2015 Rankings are based on the GDP (PPP) of a country, which compares the generalized differences in the cost of living and standards between countries.
A small size, a large endowment of natural resources and/or a highly developed banking system appear to be key ingredients for countries that hope to achieve high standards of living, not necessarily an easy model to replicate. In fact, according to the International Monetary Fund, the ranking of nations by per-capita income is dominated by those that possess such characteristics, starting with Qatar, which, in 2015, has an estimated per-capita GDP (PPP) more than 50% higher than second placed Luxembourg. The United States, which comes in at number nine is the only truly large and diverse economy on the list.
Overall, there are two standard methods of defining the richest countries in the world. One takes into account the economies that are the largest, as measured by total gross domestic product (GDP). However, the most commonly accepted definition of the wealthiest countries is to determine how rich the average resident of a country is. For this reason, the best method is to use GDP data per capita.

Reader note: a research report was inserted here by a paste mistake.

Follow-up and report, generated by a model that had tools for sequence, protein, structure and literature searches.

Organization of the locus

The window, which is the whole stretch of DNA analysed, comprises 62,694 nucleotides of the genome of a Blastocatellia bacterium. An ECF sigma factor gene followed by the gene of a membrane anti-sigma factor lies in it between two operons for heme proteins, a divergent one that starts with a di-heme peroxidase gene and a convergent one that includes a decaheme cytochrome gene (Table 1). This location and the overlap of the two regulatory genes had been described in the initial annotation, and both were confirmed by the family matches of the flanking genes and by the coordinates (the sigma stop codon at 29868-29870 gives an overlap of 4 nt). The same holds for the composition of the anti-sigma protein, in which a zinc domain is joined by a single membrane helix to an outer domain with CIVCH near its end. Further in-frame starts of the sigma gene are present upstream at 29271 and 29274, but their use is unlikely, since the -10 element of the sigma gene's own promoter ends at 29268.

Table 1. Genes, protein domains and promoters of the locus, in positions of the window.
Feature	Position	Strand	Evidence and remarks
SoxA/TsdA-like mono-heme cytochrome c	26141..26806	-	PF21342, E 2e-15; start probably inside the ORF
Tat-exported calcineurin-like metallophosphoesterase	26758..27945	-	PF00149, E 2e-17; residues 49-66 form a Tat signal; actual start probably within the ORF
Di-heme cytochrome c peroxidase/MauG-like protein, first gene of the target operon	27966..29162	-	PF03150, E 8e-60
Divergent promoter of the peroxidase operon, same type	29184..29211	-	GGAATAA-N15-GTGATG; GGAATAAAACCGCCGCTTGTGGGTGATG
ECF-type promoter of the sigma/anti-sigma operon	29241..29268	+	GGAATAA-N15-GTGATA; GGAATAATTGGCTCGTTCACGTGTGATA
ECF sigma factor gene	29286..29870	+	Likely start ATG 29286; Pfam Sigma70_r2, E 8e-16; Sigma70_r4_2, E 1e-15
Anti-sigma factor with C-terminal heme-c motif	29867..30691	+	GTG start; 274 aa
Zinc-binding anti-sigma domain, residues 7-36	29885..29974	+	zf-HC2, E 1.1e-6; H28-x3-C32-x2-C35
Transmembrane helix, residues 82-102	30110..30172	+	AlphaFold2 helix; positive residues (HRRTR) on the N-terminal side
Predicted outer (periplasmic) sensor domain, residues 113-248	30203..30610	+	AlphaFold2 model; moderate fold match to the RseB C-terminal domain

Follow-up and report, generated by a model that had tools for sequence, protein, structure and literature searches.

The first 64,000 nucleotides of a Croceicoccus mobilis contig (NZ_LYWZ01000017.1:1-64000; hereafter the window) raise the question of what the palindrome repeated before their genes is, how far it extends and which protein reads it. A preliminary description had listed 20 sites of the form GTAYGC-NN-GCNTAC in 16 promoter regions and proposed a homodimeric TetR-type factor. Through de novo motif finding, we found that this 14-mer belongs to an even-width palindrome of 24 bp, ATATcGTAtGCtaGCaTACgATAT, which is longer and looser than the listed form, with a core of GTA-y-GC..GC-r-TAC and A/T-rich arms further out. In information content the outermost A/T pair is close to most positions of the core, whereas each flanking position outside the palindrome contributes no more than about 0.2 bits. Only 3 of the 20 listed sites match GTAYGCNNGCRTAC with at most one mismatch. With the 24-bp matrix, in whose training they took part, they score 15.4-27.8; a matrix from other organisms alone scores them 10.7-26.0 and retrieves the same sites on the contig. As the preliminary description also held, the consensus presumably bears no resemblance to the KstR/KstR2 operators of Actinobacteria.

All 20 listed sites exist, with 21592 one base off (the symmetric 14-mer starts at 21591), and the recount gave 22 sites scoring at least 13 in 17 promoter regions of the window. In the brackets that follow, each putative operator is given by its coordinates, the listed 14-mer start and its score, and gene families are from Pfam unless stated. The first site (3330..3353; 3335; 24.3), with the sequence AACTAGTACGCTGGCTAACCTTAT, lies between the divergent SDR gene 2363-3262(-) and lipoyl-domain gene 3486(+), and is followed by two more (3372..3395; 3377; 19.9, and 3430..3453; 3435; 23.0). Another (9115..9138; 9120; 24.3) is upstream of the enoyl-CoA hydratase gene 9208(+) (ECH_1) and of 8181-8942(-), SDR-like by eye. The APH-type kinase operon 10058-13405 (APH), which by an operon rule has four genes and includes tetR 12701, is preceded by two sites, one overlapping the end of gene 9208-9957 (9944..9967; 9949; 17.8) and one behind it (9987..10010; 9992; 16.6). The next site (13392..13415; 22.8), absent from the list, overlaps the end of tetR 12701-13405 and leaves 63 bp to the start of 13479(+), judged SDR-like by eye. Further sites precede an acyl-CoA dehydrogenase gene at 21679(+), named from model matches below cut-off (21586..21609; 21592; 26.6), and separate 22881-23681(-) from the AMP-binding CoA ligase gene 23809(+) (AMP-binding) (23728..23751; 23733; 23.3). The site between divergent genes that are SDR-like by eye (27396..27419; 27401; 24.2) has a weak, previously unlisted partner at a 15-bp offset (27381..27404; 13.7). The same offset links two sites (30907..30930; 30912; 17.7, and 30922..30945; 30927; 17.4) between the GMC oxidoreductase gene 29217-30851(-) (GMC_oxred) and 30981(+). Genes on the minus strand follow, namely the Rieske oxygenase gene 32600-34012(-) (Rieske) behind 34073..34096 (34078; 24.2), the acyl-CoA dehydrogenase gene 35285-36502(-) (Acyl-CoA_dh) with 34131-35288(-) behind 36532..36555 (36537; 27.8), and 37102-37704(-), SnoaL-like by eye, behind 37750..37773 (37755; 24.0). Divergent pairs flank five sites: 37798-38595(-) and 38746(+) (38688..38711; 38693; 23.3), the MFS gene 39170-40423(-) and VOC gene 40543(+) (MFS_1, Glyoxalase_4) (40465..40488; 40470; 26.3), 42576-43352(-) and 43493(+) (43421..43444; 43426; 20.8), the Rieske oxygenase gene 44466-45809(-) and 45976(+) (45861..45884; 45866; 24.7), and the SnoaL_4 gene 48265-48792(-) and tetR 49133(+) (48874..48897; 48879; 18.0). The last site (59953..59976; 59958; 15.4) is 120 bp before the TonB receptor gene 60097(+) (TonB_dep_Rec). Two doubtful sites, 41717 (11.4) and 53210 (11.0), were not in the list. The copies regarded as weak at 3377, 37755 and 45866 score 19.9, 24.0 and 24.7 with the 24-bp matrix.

Moreover, using a PPP (purchasing power parity) basis is arguably more useful when comparing generalized differences in living standards on the whole between nations. This is because PPP takes into account the relative cost of living and the inflation rates of the countries, rather than using just exchange rates, which may distort the real differences in income. This is the measure most economists prefer when looking at per-capita wealth and when comparing economic strength between countries and living conditions or use of resources across countries.
Values are expressed in current international dollars, reflecting a single year's (the current year) currency exchange rates and PPP adjustments.